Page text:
An intense and brilliant album from Depeche Mode's frontman.
As lead-singer of Depeche Mode, Dave Gahan was responsible for some of the greatest albums of the eighties and nineties, taking the dubious accolade of being the biggest band in UK chart history never to have a number one hit. They shifted through genres from their synth-pop sound of the early eighties to the grungier sound of ‘Songs Of Faith & Devotion’ and the darker electronic ‘Ultra’. They constantly reinvented their selves to stay relevant; probably the reason they weathered so many decades. But Gahan is also an accomplished solo artist too, and this new album ‘Angels & Ghosts’ is his second collaboration with UK based duo Soulsavers, following on from 2012’s ‘The Light The Dead Sea.’
As an artist he is a serious guy, and this is a serious album. It couldn’t be much more removed from those early Depeche Mode pop records such as ‘Just Can’t Get Enough’. There is something incredibly raw and authentic tic about his voice, that makes you believe that all the pain is real. But that’s hardly surprising. He has won a battle with cancer, and recovered from a drug overdose that left him clinically dead for two minutes. This is one of life’s survivors, and his vocals are weathered to perfection. There is a definite gospel tinge on this album, probably inspired by his collaborators. It starts right from track one on album opener ‘Shine’. Fans of Depeche Mode’s brilliant ’93 album ‘Songs Of Faith & Devotion’ will be more than comfortable with this sound, as it echos tracks such as ‘Condemnation’. That big dramatic sound continues on throughout the album to a degree. Never more so than on leading single ‘All Of This And Nothing’ which takes full advantage of the huge gospel vocals, and bond-theme-esque strings. It’s a great opening bid for the team, and let’s us know what the tone of the album will be. Easily a contender for song of the year.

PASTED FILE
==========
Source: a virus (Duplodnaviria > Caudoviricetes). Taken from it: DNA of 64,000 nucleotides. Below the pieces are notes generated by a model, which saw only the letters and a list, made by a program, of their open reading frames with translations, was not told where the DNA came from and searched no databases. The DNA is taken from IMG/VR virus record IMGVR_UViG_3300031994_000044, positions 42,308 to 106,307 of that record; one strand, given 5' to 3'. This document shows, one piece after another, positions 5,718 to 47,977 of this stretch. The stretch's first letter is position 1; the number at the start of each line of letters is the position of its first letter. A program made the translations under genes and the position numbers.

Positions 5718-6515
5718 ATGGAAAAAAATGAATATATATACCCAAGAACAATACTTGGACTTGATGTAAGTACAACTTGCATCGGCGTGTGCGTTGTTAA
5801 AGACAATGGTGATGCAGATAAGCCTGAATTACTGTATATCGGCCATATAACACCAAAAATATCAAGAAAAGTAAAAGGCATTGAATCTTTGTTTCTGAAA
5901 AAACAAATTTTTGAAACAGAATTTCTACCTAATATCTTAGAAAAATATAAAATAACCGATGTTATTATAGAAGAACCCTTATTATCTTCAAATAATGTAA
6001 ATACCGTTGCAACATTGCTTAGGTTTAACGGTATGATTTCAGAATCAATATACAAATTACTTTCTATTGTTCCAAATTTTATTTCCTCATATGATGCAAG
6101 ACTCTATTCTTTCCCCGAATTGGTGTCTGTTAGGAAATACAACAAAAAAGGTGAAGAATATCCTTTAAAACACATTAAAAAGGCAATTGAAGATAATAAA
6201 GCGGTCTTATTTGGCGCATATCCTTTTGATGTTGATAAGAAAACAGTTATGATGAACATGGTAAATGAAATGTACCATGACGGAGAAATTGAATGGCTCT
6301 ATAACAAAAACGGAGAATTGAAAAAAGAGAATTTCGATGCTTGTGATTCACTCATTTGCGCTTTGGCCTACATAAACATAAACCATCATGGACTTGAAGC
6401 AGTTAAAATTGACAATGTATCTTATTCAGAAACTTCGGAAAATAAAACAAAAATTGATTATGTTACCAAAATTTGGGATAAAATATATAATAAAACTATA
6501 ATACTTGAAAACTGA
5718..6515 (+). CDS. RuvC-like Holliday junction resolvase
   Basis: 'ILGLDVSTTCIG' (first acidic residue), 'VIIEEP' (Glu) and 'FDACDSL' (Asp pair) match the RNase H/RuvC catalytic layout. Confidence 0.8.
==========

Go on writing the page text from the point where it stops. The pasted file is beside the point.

But where Gahan really excels is on those big emotional tracks. Slower songs like ‘Lately’ and ‘One Thing’ are both beautiful piano-lead ballads that wrench away at the heartstrings, both lyrically and musically. Whilst ‘Don’t Cry’ sounds like a desperate plea, with all the longing and desperation of a man on the edge. It’s a sound that not many can pull off. Gahan has become less synth-pop and more a serious competitor for the likes of Nick Cave. Maybe it’s their similar back story that puts them on a parr, but there is definitely a similarity.
What makes this album a real success is the synergy between the two acts. There is something between them that really enhances each other’s sounds. It has all the best parts of Depeche Mode’s most recent outings, but with a more enduring sound. It is dramatic, intense, with all the elegance you’d expect from such an artist.
Dave’s Official Site
Soulsaver’s Official Site